For example, if B is 280.00, R is 0.01 (representing a 1% interest rate), and N is 3, then your program should print out 288.48, which represents the final balance after an initial balance of $280 receives 1% interest calculated once per year for three years.

Expect B and R to be floating-point values and N an integer.

Input Format

Your program will take three lines of input:

The first line will be a floating-point value, B, representing the starting bank account balance.

The second line will be a floating point value, R, representing an interest rate in decimal form.

The third line will be an integer, N, representing the number of years over which that interest should be calculated.

Constraints

B >= 0

R >= 0

N >= 0

There will be no percentage signs (%) or dollar signs ($), in the input, and you should not include either symbol in your output.

Output Format

A number representing dollars as a floating-point value, rounded to the nearest cent.

Sample Input

82

0.02

3

Sample Output

87.02

 

    • This one took a lot longer than it should have. I ran into stupid errors more than anything else. Also I used the incorrect formula for yearly compounded interest in the beginning. Damn you google.
    • Formula used: http://www.thecalculatorsite.com/articles/finance/compound-interest-formula.php
    • I round the value at the very end and then print to two decimal places, but my program fails one test case, but I don’t see how. I will move on since I can’t beat my head against an unknown wall.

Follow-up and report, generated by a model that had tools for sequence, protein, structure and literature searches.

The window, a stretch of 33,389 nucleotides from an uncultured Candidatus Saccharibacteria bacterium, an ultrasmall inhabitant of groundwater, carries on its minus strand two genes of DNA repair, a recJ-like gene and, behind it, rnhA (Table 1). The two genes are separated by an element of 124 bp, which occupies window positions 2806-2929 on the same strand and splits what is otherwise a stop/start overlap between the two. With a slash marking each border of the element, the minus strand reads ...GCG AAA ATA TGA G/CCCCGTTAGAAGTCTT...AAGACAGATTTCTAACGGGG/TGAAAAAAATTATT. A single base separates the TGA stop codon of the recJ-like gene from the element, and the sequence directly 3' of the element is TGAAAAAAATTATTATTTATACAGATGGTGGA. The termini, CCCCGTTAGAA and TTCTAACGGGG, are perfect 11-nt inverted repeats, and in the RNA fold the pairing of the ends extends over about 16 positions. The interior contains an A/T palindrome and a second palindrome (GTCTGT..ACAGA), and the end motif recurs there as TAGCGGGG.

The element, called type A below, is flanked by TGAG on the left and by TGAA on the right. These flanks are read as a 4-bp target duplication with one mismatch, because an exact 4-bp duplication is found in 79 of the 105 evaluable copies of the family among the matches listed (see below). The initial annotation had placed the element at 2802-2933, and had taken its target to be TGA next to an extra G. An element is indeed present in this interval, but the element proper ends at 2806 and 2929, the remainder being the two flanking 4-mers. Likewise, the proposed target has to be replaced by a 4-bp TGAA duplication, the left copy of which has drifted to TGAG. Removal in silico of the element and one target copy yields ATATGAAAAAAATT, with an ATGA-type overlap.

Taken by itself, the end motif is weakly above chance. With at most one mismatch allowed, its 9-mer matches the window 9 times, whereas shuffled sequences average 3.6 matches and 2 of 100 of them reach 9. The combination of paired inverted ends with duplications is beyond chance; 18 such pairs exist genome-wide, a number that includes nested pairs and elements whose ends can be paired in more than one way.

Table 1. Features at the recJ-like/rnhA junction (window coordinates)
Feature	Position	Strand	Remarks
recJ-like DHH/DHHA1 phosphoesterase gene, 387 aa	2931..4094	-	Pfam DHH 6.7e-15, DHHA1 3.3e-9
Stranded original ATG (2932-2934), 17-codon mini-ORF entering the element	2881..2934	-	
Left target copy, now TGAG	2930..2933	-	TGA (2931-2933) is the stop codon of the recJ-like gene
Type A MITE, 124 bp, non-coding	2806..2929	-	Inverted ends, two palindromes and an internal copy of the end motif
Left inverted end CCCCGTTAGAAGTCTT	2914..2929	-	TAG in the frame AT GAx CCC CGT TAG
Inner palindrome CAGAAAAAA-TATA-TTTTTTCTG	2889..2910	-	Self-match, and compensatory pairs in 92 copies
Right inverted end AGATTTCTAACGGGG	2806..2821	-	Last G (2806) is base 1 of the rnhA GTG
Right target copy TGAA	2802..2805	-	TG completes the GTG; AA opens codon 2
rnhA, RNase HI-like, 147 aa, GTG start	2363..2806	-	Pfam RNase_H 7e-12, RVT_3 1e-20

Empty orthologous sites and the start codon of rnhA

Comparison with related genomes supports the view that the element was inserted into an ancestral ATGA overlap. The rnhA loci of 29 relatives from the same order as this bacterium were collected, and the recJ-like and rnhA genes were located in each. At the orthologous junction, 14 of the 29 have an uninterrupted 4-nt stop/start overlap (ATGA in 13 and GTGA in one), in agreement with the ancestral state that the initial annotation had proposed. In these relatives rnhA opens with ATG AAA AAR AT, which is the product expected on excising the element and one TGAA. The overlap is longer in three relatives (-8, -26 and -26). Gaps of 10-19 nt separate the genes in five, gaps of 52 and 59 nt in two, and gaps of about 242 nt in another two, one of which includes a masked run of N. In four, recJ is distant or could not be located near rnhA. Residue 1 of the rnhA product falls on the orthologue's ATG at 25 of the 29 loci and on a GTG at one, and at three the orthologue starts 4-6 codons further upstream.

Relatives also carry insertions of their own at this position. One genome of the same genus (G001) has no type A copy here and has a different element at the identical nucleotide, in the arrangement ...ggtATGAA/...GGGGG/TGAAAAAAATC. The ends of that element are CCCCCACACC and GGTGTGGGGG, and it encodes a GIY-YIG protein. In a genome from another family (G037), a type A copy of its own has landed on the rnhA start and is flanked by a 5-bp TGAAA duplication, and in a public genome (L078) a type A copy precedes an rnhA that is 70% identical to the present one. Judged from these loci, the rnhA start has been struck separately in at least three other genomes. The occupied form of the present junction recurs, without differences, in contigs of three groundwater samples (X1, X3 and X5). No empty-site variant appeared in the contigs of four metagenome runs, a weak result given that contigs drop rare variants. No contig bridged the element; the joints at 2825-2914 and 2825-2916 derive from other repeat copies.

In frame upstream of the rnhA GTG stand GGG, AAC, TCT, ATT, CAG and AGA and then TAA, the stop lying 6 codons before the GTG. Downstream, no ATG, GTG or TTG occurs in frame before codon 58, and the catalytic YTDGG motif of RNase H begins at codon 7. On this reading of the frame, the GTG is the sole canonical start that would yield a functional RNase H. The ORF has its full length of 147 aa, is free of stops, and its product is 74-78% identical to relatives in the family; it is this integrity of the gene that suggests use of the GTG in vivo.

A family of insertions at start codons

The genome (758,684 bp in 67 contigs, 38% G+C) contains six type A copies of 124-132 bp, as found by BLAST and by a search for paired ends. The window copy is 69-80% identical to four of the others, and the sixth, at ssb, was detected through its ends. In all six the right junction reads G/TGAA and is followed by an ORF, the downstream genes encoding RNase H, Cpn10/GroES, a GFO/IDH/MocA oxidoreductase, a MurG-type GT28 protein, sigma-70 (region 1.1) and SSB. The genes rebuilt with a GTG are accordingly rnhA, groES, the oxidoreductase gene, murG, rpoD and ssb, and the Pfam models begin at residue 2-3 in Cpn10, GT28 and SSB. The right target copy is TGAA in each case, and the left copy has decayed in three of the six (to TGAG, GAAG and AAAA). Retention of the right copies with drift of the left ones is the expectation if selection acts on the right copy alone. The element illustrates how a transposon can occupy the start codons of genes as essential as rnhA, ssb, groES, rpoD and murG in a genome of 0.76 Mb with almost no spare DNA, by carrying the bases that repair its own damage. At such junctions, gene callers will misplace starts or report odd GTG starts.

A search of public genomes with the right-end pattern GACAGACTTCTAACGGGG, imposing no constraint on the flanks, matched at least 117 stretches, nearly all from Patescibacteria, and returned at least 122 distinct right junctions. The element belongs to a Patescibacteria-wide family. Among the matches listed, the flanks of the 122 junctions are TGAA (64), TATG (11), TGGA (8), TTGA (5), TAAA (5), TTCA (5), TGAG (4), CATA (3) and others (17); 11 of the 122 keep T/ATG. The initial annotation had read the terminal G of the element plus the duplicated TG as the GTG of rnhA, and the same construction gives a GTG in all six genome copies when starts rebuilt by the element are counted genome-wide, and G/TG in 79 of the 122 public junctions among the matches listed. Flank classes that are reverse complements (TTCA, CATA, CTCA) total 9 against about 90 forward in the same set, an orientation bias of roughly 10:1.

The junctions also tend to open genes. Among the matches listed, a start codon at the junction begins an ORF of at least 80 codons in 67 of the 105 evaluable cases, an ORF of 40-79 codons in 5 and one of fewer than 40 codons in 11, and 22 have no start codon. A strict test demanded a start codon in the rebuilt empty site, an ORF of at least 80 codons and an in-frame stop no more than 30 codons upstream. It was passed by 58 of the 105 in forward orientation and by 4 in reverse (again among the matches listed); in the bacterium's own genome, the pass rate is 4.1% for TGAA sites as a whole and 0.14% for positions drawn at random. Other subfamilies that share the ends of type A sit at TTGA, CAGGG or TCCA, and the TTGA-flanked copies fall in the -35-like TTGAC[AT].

• If I try to round any earlier than the end I lose cents in precision and the interest rate doesn’t come out right at all.
    • My solution
#include <stdio.h>
#include <math.h>

#include "cs50.h"

int main(void)
{    
    double B = GetFloat(); // balance
    double R = GetFloat(); // interest rate
    double N = GetInt(); // years

    if (B < 0 || R < 0 || N < 0)
        return 0;

    double X = 1 + R;
    double Y = pow(X, N);

    double finalBalance = Y * B;
    finalBalance = roundf(finalBalance * 100) / 100;
    printf("%.2f", finalBalance);
}

 

  • Third problem is called “One More Year.

Write a program that, given a year, Y, as an integer via standard input, prints via standard output Leap Year if Y is a leap year, and Not Leap Year if Y is not a leap year.

Recall that:

A year is a leap year if it is a multiple of four (2004, 2008, and 2012 are all leap years). The exception to this rule is that a year which is a multiple of 100 and also not a multiple of 400 is not a leap year. For example, 1800 and 1900 are not leap years, but 2000 is a leap year (because it is a multiple of 400).

  • Very simple problem, but it requires the right kind of logic tree to get it right. I had it a little backwards at first. Didn’t take too long to get it all right.
  • Solution here
#include <stdio.h>
#include <math.h>

#include "cs50.h"

int main(void)
{
    int year = GetInt();

    if (year > 9999 || year < 0)
        return 0;

    if (year % 4 == 0)